Friday, August 28, 2009

The Social Animal

We are lonely.

In New York City, where I live, I'm surrounded by people every day. On the street, on the subway, there's never a second when I'm not alone.

But there is a difference between being around people and really connecting with people. Physical proximity and social cyberspace aren't substitutes for relationship, and we as a culture are starting to feel the weight of that truth. It's part of the reason, in my opinion, that Starbucks has become the corporate and cultural giant it has. You can make coffee at home, but the community that Starbucks provides- a fundamental component of their mission statement, by the way- draws people in droves.

Still, we pick up our latte and sit alone with our computers, rather than talk to those around us. Or we go out to dinner with a friend or spouse sneaking glances at the people one table over, rather than saying hello and striking up a conversation.

The reality is, we are social animals. Just like dogs that sniff and roll around with each other as a means of introduction, we too long to get close and personal. That's not to say we should start nuzzling strangers at cocktail parties, but we've gone to the other extreme, becoming isolationists in a social context.

In my practice, I've recently started suggesting social interaction along with personal introspection as a recipe for progress and growth. And it's working! Joining a choir, establishing a Friday morning coffee group, participating in a hiking club and volunteering are really making a difference in the lives of my clients.

It's not just benefitting them individually, but their marriages and partnerships as well. Without realizing it, our loneliness has caused us to expect too much from the one relationship we do consciously allow ourselves to look and long for. That bridge isn't built to carry that much weight though, so all too often it collapses under the pressure.

But when we recognize the difference between our relational needs and our foundational social needs, and fulfill them both via the proper channels, everyone thrives. Our lives become more rich, and we feel more fulfilled.

Not that that's going to stop me from going to Starbucks every morning... : )

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Blogger graham said...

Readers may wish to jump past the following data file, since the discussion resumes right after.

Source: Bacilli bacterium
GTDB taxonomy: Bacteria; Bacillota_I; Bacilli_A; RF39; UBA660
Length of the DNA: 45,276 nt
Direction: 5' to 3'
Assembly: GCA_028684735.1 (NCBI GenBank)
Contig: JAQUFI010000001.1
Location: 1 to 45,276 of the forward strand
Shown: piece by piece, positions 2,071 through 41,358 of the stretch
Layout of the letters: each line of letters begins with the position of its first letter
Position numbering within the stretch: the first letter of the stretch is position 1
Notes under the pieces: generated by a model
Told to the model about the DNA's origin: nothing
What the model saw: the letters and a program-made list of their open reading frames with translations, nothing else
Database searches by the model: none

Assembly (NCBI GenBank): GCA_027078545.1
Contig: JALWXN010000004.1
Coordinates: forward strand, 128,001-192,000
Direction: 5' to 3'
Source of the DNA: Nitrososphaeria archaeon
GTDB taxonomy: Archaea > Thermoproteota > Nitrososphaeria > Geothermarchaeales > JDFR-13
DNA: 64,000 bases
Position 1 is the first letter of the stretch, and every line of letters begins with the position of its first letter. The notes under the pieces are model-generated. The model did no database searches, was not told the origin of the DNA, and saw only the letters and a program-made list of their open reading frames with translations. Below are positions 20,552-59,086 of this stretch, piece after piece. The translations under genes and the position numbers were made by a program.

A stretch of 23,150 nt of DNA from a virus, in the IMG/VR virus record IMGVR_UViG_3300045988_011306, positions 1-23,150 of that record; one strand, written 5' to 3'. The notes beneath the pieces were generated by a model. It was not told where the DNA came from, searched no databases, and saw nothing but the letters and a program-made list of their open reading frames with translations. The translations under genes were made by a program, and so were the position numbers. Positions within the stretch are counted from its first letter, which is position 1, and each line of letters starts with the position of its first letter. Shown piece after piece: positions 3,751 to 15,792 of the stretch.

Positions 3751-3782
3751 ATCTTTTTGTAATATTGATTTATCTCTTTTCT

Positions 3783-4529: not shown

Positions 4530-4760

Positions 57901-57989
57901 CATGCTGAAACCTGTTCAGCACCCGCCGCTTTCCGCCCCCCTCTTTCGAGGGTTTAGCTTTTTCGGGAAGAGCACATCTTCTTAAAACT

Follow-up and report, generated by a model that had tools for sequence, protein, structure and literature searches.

Nice post, I agree. Check out some of these inspiring quotes from a speech Ted Kennedy gave in 1968:

"we have let the haters take the lead and now we're paying the price"

"we can only turn to ourselves"

August 28, 2009 at 3:16 PM  
Anonymous Anonymous said...

hey Jennifer,
I like your post a lot :-)

I guess it is the natural habitualness deep-rooted inside the 'human animals' that slows them down and keeps them away from seeking new exciting things or from getting to know new and wonderful people...trying to stay with you mind in the present and watching your environment while walking through the city is not so easy, as you have so many things in your mind concerning the past or your future...the goal might be to keep the child in you as long as you can...because:

I think that little by little we forget how to gaze at things. We trained ourselves to walk fast, talk fast and organize ourselves just perfectly ...passing by so many beautiful things and not even realizing it.

For me 'life is a wonderful trip'...but some prefer to walk all the way and some prefer a race car ;-)


August 29, 2009 at 5:08 AM  
Anonymous Sally Morgan said...

You are... the most awesome, open heart ever, I'm privileged to be your friend.

August 30, 2009 at 9:29 PM  
Anonymous Anonymous said...

I much agree with you, Jennifer, about the omnipresence of loneliness in our technological age. There exist so many forums out there for “communication” these days--Facebook, MySpace, instant messaging, and texting, etc.--but what we truly lack is authentic face-to-face and eye-to-eye expression. Having grown up in a small, rural town, I’m constantly amazed by NYC life: the tight jaws, the down-turned eyes, and the altogether disconcerting surprise on another’s face when I offer a “good are you?” to a “stranger.” (Of course, this may depend upon the neighborhood.) And I’m not really setting up a juxtaposition between rural and urban life here, as such a disposition also exits in the latter to many degrees.

I love your comments about dogs! One of my best friends, Max, was a dog, and he was viscerally social; I could always read his life in his eyes, as I believe he could mine. I’ve often wondered why we had such a close connection. My answer--to this date--is that it was disarming. Purely disarming. So my rhetorical question is, “What has happened to us, as a culture, that encourages alienation...and not a dog’s life?” Granted, writers, artists, and post-modern philosophers have mused upon and articulated many reasons why we have become essentially anti-social. But who controls our expression and our relationships with others??? Us, purely, or that which inundates us???

Joining others in a common purpose/passion mixed with a healthy dose of introspection is a wonderful beginning (and perhaps end, ultimately), which is part of the meaning I gleaned from your post, Jennifer. Living easily, openly, honestly, and with passion for self and others and the ebb and flow of nature is key. Thank you!

September 3, 2009 at 9:18 PM  

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